We met a few naysayers who told us that “the good stuff” on the TransAm lies only in the West; they were wrong.  For the past few days, we’ve ridden on country roads lined with purple, white, and pink wildflowers.  A few evenings ago, we watched one of the prettiest sunsets we’ve seen on our trip.  One Westbounder we met back in Montana encouraged us to keep looking for the more “subtle beauty” of the East.  Even though we’re not taking in the dramatic, white-capped mountains of the West, the lush, green foliage and pastoral scenery of this region are just as moving and feel like home to us.

Meeting locals is one of the best parts of the trip.  After our ferry ride across the Ohio River from Illinois to Kentucky, we met a sweet couple who insisted on sharing their beer with us.  Trail Magic, if there ever were!  Another sweetheart, Lisa, works at the KFC in Houston, MO. When we told her we’re riding to raise money for the National Kidney Foundation, she didn’t hesitate to contribute to the cause. The generosity of strangers continues to amaze us.

We’re in Damascus,VA, right now, reminising about the AT.  In about one week, we’ll be in Yorktown.  We’re excited to see our friends and family again, but kinda sad that the trip’s almost over.  Any ideas for what our next big adventure should be?

Kansas

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We’re in Pueblo, CO. Do you know what that means? It means we’ve reached our halfway point! We started our ride on June 11th, so we’re right on schedule to finish in time for me to get back to school.

I’ll try to fill you in on the happenings of the last week and a half. Just skip it if it bores you.

We had a great time with Josh in Yellowstone. Josh invited his buddy Tony to keep him company while Joel and I were riding during the day. Tony one of the funniest people (funny ha-ha not funny weird) I’ve ever met. I think he must have thought that there’s something wrong with me because I repeated almost everything he said…he’s just so quotable.

In Yellowstone, we caught up with two other Eastbounders, the super-cool Rebecca and Mia. Both live in Walla Walla, Washington, where they go to/recently graduated from college. Mia’s mom biked the TransAm in 1976, the route’s first year in existence. Just after Yellowstone, three other female TransAm-ers heading West, Dolly, Eleanor, and Kaitlyn, shared a campsite with us. I has so much fun hanging out with other girls…thankfully, Joel had Josh and Tony to keep him company. Dolly’s mom also rode the BikeCentenial Trail, so it was cool to see two 2nd generation female TransAmerica riders together. My aunt Tricia biked the TransAm in the 80s and inspired our trip, so I feel a family connection, too.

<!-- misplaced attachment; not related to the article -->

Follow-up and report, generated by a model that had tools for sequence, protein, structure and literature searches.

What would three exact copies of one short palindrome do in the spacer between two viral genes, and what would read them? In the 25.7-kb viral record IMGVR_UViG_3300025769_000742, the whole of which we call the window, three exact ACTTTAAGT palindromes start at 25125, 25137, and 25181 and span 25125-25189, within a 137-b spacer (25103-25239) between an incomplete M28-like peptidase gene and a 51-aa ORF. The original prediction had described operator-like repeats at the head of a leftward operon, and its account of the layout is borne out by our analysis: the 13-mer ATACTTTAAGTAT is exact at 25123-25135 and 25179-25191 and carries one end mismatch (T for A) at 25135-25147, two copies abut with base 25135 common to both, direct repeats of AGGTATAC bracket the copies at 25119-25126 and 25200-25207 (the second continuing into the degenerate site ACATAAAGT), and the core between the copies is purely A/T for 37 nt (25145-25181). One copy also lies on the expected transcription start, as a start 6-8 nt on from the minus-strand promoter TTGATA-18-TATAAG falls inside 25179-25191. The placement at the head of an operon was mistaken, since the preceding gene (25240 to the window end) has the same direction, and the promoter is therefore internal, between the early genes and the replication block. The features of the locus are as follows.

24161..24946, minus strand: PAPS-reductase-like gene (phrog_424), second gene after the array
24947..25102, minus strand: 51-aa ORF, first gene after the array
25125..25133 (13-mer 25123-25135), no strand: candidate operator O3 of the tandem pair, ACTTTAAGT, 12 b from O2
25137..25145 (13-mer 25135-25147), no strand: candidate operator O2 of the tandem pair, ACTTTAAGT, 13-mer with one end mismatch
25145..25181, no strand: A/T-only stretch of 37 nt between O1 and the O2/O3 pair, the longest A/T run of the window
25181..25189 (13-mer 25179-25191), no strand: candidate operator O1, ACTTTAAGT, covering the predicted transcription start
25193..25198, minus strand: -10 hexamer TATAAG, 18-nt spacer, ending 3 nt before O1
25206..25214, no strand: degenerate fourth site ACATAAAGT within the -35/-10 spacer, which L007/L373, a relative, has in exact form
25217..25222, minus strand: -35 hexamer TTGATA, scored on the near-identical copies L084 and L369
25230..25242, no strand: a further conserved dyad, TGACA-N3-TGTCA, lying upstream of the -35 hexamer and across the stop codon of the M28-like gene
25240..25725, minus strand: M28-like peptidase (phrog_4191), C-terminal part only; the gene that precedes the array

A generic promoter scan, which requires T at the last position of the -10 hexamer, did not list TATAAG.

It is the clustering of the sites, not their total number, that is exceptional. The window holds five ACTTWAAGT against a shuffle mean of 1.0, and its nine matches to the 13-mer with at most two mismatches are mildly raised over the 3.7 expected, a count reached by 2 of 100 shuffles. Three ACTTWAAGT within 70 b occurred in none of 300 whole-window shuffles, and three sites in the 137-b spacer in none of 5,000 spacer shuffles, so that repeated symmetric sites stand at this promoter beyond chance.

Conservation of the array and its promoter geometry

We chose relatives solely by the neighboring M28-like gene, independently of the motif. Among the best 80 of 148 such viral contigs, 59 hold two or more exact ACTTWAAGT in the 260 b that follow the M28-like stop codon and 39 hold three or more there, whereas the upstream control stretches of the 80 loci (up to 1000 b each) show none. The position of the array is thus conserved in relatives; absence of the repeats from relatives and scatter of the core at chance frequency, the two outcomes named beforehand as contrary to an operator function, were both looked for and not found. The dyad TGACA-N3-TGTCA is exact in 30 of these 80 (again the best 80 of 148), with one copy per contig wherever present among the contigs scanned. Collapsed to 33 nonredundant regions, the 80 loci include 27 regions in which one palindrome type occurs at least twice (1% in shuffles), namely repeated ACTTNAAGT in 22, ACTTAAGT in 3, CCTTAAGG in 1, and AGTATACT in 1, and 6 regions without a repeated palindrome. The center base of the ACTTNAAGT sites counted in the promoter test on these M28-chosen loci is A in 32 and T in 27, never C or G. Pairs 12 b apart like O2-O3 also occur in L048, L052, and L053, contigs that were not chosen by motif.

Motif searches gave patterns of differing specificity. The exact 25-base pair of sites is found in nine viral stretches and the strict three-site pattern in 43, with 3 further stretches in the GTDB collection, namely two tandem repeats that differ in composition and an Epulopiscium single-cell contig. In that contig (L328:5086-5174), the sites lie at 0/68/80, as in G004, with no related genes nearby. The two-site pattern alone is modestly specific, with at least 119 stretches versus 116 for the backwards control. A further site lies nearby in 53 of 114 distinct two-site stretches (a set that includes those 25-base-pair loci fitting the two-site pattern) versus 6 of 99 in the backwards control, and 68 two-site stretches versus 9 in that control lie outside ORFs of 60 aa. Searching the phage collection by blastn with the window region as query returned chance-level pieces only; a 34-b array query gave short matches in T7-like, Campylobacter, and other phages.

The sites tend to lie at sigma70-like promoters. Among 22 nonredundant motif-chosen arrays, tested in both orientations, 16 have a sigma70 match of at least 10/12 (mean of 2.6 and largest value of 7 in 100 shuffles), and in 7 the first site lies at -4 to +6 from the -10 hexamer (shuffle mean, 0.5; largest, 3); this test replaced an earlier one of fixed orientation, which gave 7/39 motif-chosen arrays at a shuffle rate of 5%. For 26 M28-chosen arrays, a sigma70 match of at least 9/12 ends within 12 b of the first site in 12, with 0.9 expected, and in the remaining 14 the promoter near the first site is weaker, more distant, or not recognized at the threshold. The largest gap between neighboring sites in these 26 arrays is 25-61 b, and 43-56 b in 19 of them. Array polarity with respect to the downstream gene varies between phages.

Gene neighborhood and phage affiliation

On the 4th of July while you were eating a hot dog, gulping a beer, and watching fireworks, we were riding our bikes. Big surprise, I know. That day, we had planned to stop at a Mormon historical site with free camping past Lander, WY. We misread our map, though, and by the time we discovered our error, we were a good 20 miles shy of the campsite and 15 from Lander. Backtracking was not an option (negative miles are worse than many unnamable things), but it was quickly getting dark AND stormy. We pulled up to a ranch in the middle of nowhere and sheepishly asked if we could camp in the yard. Al and Tim, two longtime ranchers who both have houses on the property, graciously let us stay in their shed away from the wind and rain. They were full of interesting information about the area–Tim’s family has owned the property since 1931– and were a blast to talk to. The next morning, Al even brought us coffee and muffins and gave us bottled water for the desolate ride ahead. I love the South, but I think we’ve got some pretty good competition for the most hospitable region of the U.S.